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He went on to slam Ukrainian President Petro Poroshenko for using unsubstantiated accusations targeting Russia in order to divert Ukrainians' attention from his failures in domestic policy, ahead of the Ukrainian presidential election, slated for 31 March.

"The government in Kiev regularly levels made-up accusations at us. Provocations are staged, such as the incident in the Kerch Strait in November 2018. Russia is openly used as an issue to distract voters from the government’s failures in domestic policy and the economy, from civilian casualties in Donbass, and from economic ruin […] It seems that, without Russia, President Poroshenko, who is running for a second term, would have had nothing to talk to his people about. If he cannot sustain dialogue with his people, he is unlikely to be able to negotiate with the leadership of a neighboring state", the prime minister said.

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Medvedev also slammed Kiev's move to close polling stations for Ukrainians residing in Russia, ahead of the presidential elections.

"At the very outset of the pre-election marathon, Kiev, under flimsy pretexts, closed polling stations in its diplomatic and consular offices in Russia. About 3 million Ukrainians who live and work in Russia have lost their ability to vote. This is a clear violation of their electoral rights", Medvedev said in an interview with the Bulgarian newspaper Trud.

He went on to say that the procedure for observing the voting process had been violated by the Ukrainian government.

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"Russian citizens were prohibited from participating in election monitoring, even as part of OSCE [Organization for Security and Co-operation in Europe] monitoring missions. This is a serious violation of Ukraine’s own international obligations. And it is exceedingly rare in practice. Obviously, the ruling regime has something to hide", the prime minister added.

TurkStream Extension to Bulgaria Depends on Sofia

The decision to extend the TurkStream through Bulgaria has not yet been made and depends on the specific actions of the two countries' governments, since Russia needs guarantees that the European Union would not interfere with gas deliveries via the new pipeline, Russian Prime Minister Dmitry Medvedev said in an interview.

"The decision to extend the TurkStream pipeline across Bulgaria depends on whether Sofia can get firm guarantees that the EU will not obstruct the plans for gas supplies via the new gas pipeline", Medvedev told the Bulgarian newspaper Trud.

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The new line should not suffer the fate of South Stream, he stressed, adding that Russia sees that Bulgaria is interested in the project.

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"We are already seeing progress in Bulgaria. Bulgartransgaz has recently completed the open season procedure – the collection of binding bids to reserve future gas transmission capacities. Also, Bulgartransgaz has made the final investment decision on the project to develop and expand its gas transmission system. The road to beginning construction work is all clear," the head of the Russian government said.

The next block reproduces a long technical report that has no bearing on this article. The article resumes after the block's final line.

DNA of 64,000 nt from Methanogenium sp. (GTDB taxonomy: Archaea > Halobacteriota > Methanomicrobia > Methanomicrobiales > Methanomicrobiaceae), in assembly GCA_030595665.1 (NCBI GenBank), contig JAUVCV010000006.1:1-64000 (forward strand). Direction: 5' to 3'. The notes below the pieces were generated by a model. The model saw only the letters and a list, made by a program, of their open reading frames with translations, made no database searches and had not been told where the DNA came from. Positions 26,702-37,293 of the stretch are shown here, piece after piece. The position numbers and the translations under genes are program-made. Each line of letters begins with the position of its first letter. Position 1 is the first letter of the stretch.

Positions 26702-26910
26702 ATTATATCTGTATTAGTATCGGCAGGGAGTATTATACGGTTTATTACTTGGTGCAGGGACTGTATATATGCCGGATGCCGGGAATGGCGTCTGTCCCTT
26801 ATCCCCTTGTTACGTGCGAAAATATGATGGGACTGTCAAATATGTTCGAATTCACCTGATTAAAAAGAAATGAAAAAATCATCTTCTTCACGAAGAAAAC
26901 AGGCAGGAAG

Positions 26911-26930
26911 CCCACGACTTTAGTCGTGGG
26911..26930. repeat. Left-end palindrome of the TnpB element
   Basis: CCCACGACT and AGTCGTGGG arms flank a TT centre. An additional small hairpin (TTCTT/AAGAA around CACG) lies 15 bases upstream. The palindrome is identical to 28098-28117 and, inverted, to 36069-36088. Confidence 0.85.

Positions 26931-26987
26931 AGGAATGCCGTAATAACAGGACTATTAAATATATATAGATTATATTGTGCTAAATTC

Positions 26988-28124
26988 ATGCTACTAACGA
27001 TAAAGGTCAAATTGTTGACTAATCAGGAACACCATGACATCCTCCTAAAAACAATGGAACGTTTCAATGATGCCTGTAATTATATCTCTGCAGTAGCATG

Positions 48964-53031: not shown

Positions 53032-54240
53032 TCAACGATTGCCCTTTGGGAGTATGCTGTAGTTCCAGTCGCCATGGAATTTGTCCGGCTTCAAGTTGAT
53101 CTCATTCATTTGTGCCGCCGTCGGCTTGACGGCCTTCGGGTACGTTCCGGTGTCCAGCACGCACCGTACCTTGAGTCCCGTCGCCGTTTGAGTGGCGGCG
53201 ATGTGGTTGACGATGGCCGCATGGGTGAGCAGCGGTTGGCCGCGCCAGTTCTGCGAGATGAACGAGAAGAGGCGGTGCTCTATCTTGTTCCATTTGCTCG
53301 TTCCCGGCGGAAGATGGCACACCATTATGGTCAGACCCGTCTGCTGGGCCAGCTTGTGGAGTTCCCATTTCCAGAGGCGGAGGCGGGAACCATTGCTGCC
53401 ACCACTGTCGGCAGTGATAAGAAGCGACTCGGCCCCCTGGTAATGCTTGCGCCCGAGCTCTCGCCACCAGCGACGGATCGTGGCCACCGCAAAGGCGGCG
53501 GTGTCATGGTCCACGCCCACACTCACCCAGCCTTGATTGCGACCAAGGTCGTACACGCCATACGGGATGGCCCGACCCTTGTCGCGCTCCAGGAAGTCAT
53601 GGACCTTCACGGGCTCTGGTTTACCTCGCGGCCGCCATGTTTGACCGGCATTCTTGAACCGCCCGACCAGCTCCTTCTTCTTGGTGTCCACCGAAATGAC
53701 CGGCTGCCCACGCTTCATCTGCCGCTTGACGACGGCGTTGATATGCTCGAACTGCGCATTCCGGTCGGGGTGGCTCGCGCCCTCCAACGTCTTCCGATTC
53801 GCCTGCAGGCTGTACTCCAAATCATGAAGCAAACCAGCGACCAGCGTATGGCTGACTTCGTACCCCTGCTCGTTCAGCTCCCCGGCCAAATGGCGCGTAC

The pipeline project is beneficial for all sides, Medvedev noted. "We are confident that cooperation on natural gas meets the interests of our economies – not only the Russian and Bulgarian economies, but the overall European economy, too", he said.

Moscow believes that the construction of another gas corridor will further enhance energy security in Europe, he stressed. "With the current policy of liberalising the gas market, it will be possible to use the existing infrastructure more flexibly depending on obligations, market conditions, transportation costs and other market factors", Medvedev explained.

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The option to extend the second branch of the TurkStream to Bulgaria, Serbia and Hungary is currently being worked out, the prime minister added. "Which extension option for TurkStream is ultimately chosen will largely depend on the availability of gas transport infrastructure. That, in turn, depends on the involvement and concrete actions of the governments in the respective countries", he said.

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The TurkStream pipeline will have two legs, each with the capacity to deliver 15.7 billion cubic meters (554 billion cubic feet) of gas per year. The first leg is set to bring gas across the Black Sea directly to Turkey, while the other one will run across the country to its western border, transporting natural gas to states in southern and southeastern Europe. The pipeline is expected to be launched by the end of 2019.

Several EU countries said they wanted to be part of the project. Gazprom is considering options for continuing the TurkStream either through Bulgaria and Serbia, or through Greece and Italy.

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In 2014, Russia halted the implementation of the South Stream pipeline, which was intended to traverse the Black Sea to deliver Russian natural gas through Bulgaria, Serbia, Hungary and Slovenia to Italy and Austria to bypass the territory of Ukraine. Moscow gave up the project as the European Commission opposed it over alleged breaches of EU energy legislation.